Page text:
Imagine this: You have saved all your hard-earned cash and have been wanting to invest it for some time. But what should I invest it in? After much deliberation and research, you have decided that investing in property is your best option. You start looking for the perfect place. Eventually you find it and sign the papers. Now what?
After completing a few minor renovations you are now ready to rent it out. But to who? As a new landlord, and even if you have been in the game a while, you have the right to be picky. But what is the difference between being selective and down right discrimination?
Well, discrimination against bad tenants is just good business. You’re not discriminating on things such as race, colour, sex or religion. However, you do want to consider the following things:
1. Do they pay on time?
When tenants don’t pay rent on time or at all, it leaves landlords in a tough situation. You have every right to discriminate against tenants who are known to not pay their rent. Or those who don’t make paying rent the first priority instead buying expensive dinners and luxury holidays. Good tenants are those who know that paying rent is their first responsibility, bad tenants are those that don’t.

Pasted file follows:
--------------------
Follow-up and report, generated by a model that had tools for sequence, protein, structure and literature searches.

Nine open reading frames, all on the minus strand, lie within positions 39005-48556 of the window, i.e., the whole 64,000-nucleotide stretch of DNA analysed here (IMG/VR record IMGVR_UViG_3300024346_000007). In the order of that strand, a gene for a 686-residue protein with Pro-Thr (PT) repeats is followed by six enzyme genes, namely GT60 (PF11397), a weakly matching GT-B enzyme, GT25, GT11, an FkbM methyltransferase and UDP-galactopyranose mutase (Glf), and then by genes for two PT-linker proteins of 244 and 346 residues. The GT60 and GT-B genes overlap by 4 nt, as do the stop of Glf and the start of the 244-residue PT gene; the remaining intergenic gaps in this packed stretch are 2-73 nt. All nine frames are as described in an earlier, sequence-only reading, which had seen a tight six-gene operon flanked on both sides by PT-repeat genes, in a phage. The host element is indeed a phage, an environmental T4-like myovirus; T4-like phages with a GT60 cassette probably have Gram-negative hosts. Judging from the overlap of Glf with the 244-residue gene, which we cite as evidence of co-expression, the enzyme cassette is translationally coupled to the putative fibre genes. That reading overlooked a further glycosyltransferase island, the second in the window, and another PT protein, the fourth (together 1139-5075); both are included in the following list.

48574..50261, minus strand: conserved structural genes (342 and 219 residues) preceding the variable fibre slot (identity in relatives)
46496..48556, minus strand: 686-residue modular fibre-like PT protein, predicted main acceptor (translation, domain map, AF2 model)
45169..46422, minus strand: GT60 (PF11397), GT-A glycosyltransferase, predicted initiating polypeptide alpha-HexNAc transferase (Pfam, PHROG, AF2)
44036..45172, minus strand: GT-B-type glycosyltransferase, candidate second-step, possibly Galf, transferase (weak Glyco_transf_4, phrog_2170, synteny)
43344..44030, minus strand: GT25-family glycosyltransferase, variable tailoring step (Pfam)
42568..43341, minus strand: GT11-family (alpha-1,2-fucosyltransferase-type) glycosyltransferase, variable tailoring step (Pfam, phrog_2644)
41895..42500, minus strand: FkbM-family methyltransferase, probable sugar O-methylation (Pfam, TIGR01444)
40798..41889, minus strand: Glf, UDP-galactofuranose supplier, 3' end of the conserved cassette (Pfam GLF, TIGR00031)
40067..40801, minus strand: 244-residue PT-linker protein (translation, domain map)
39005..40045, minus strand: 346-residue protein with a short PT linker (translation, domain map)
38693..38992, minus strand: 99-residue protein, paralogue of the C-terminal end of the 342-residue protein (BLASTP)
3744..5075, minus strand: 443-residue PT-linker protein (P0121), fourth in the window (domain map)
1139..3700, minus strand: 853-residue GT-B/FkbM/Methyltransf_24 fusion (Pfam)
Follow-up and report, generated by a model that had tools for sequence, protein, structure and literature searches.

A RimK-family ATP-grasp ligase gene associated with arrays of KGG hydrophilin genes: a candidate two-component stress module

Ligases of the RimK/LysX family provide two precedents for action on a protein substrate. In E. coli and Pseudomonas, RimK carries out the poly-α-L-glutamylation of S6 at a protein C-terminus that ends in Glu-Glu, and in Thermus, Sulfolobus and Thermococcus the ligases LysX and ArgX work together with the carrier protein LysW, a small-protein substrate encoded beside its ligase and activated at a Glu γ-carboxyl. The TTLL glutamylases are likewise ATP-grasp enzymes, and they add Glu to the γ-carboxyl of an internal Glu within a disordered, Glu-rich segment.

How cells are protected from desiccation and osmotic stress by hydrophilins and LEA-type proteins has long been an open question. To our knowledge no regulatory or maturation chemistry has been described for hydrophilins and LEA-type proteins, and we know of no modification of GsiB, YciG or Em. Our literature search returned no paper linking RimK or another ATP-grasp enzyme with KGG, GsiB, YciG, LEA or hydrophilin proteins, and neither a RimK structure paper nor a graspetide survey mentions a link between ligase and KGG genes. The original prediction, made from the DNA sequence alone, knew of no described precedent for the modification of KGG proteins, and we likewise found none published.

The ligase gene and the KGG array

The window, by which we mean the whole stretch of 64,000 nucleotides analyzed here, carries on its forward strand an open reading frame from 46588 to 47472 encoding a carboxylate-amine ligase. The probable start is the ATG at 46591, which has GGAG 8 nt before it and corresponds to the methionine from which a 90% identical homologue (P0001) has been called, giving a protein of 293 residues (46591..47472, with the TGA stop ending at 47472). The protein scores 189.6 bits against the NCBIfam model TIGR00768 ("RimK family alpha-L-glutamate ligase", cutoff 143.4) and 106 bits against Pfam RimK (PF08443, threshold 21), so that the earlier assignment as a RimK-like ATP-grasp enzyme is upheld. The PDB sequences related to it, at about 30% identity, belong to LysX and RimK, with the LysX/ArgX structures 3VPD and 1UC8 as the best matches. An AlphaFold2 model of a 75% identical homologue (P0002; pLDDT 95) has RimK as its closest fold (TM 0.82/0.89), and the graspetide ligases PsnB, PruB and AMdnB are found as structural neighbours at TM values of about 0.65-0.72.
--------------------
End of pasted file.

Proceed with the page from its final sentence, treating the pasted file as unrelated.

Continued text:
2. Can they even afford it?
It is vital during the application process to determine if the tenant has a stable job and can afford the rent as well as all their other expenses, especially pay attention to credit card debt and high car repayments. Always remember that what may be stable now, may not be in the future. People can lose their jobs, so it is up to the tenant to prove their income is reliable.
Good and bad tenants come in all shapes and sizes, so while it is important to discriminate on important matter such as their ability or willingness to pay, we should never discriminate based on religion, race or colour.
Have you ever had issues with bad tenants? What did you do about it? Did you know there is a website called Tenancy Bureau, where you can check up on tenants before you sign with them and also report bad tenants you have had. On the flip side, you can also report good tenants which help both them and their future landlords.